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Five reasons airline fees up 50% year-over-year
According to USA Today, "The numerous fees are a sore subject for many fliers, but their dissatisfaction hasn't deterred airlines from bringing in record revenue from additional fees."
The fees were good for $2.1 billion last quarter, with $893 million of it coming from checked bags and $600 million from changed reservations.
So, where did all this money come from? Here are five ways airlines have turned those extra charges into a big business:
2. Change fee spikes: a year ago, the most expensive coach change fee was $250, charged by Continental, Delta, United Airlines and US Airways. This year, it surged to $300, an increase of 20 percent, charged by American Airlines for some international flights.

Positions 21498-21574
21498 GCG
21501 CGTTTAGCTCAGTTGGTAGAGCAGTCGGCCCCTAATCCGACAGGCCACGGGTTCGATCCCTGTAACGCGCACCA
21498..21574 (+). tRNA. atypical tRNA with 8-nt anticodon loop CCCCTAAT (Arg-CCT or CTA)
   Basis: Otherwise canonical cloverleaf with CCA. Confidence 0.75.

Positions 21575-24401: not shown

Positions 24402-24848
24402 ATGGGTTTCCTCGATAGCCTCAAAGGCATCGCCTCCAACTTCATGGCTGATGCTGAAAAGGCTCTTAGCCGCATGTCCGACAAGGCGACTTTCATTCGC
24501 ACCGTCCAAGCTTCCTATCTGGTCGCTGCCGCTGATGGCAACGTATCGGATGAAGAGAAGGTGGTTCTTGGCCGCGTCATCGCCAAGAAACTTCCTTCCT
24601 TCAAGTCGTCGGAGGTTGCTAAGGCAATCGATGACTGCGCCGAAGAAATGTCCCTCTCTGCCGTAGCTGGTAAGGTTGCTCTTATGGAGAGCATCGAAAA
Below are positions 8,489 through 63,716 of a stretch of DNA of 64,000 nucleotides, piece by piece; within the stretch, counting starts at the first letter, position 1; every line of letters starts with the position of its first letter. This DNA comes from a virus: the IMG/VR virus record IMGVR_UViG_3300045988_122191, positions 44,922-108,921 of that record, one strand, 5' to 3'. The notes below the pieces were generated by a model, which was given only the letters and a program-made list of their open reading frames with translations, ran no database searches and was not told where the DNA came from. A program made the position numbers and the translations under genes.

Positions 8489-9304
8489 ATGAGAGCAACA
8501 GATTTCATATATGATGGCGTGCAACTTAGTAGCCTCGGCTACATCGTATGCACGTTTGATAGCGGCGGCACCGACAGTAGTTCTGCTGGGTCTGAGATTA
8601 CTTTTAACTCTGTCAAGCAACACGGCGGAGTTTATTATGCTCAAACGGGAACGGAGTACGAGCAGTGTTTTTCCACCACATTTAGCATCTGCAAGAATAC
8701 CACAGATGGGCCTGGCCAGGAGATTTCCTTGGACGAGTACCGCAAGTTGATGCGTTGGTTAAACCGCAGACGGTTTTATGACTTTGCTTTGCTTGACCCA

3. Pay to call: still resisting the internet? Booking by phone costs an extra $35 on US Airways, while Allegiant Air hits you for a $29.98 round-trip booking fee and another $14.99 for "convenience."
4. Preferred seating: United asks for up to $159 for preferred seating, which can give you up to five more inches of leg room. A year ago, it would have set you back only $119.
5. Get a receipt: Continental (for which this isn't new) – along with American, Hawaiian and US Airways – have an extra fee for passengers who want a receipt after they have taken their flights.
[photo by Deanster1983 via Flickr]